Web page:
Managing in an Environment of Full Disclosure

Posted on June 11, 2012.

Wouldn’t you like to work for a company called Namaste Solar?  I envision employees in a constant state of peace and contentment. At Namaste Solar, they have full salary disclosure and an egalitarian voting system. That’s blasphemy in corporate America, but let’s think about what might happen.

  1. Favoritism would be all but eliminated. If everyone knew everyone’s salary, you’d be forced to pay people based on the job description and experience level.  So singling out anyone for special treatment would be open for public scrutiny.  Gee, maybe women would actually make the same as their male counterparts.
  2. Stupid new policies and procedures couldn’t be implemented. How many times have you seen new procedures implemented with zero input from the people that have to actually execute?  If everyone had a vote on any new policies and such, you’d get instant buy-in. More importantly, the people that are most impacted have a say in what needs to be done, so fewer implementation errors and backpedalling.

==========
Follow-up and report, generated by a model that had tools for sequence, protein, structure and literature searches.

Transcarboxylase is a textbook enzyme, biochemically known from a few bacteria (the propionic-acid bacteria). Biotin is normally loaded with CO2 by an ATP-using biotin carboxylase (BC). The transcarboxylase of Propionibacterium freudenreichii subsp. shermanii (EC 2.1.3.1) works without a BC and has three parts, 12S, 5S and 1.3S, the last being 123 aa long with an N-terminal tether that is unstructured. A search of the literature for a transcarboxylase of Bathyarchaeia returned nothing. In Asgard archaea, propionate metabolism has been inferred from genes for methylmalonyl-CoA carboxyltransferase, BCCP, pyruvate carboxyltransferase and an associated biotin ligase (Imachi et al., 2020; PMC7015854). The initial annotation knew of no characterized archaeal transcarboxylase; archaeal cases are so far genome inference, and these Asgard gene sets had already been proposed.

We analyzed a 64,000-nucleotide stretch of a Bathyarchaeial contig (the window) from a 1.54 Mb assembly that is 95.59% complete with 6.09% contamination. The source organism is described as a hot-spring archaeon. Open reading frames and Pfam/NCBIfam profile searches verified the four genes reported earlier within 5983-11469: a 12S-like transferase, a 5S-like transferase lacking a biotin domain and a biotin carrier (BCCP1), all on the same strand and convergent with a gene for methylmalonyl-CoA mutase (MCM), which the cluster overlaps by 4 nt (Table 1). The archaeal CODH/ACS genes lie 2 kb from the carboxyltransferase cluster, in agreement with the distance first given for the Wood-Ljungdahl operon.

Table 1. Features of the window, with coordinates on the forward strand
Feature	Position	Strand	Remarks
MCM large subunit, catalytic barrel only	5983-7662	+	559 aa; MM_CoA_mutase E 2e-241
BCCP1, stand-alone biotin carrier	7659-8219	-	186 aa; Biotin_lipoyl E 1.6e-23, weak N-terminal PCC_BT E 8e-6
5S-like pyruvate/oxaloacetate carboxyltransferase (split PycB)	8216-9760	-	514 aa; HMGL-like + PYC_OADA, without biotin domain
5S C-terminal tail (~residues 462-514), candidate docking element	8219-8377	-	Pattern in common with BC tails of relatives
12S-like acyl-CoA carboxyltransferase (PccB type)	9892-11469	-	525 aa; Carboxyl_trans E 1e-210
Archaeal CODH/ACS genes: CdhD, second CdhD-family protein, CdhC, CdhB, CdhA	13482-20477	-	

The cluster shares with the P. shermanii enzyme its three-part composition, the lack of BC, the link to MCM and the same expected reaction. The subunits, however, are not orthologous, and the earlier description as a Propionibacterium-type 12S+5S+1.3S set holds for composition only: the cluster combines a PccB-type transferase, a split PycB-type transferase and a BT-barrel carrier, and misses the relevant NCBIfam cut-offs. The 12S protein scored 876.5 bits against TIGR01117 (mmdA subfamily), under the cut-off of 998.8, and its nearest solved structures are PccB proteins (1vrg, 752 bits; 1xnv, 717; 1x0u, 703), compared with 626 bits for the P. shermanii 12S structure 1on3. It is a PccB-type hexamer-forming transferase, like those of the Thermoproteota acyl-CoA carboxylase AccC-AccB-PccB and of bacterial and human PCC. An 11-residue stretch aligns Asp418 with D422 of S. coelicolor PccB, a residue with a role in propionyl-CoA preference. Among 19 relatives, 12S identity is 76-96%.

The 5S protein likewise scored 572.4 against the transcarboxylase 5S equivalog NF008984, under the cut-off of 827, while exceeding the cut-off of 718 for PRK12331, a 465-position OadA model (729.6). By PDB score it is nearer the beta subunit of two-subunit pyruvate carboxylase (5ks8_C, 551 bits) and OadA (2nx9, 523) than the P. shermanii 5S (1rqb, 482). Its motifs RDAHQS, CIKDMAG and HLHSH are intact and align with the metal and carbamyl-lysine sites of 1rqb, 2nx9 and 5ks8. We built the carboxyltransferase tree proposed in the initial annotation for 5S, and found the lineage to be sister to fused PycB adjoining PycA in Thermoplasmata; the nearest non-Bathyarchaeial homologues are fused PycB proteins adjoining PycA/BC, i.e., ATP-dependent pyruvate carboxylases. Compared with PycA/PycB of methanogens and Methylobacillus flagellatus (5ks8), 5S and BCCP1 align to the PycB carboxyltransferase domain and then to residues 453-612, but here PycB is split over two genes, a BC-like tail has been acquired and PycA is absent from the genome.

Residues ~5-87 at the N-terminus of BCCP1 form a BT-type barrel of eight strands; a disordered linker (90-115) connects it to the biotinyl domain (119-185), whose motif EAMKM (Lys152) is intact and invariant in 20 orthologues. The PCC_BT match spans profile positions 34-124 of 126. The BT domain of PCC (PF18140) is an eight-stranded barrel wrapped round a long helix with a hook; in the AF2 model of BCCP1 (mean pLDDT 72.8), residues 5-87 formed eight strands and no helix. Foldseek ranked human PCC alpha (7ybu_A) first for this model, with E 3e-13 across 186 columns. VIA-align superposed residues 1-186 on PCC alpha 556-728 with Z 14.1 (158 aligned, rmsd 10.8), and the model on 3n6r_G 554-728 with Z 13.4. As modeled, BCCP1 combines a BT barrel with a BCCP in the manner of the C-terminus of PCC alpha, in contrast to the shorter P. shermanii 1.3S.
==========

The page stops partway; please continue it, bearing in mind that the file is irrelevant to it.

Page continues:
3. You create a sustainable culture.  An open, honest, egalitarian workplace is not for everyone. So if you’re going to work at a place like Namaste Solar, you need to embrace their culture.   Having all of your employees walking the walk and talking the talk will ensure that your culture stays intact.  And since culture has so much to do with hiring and retaining the right fit, your turnover should go way down.

Understandably, not everyone is fortunate enough to work in a place like Namaste Solar.  Of course, if you’re an owner, you have the power to transform your business. But as a manager, you’re limited. That said, think about what you might do differently if a) there was full disclosure and b) everyone had a vote.  It just might just change your decisions.

Archive

2013

2012

2011

Topics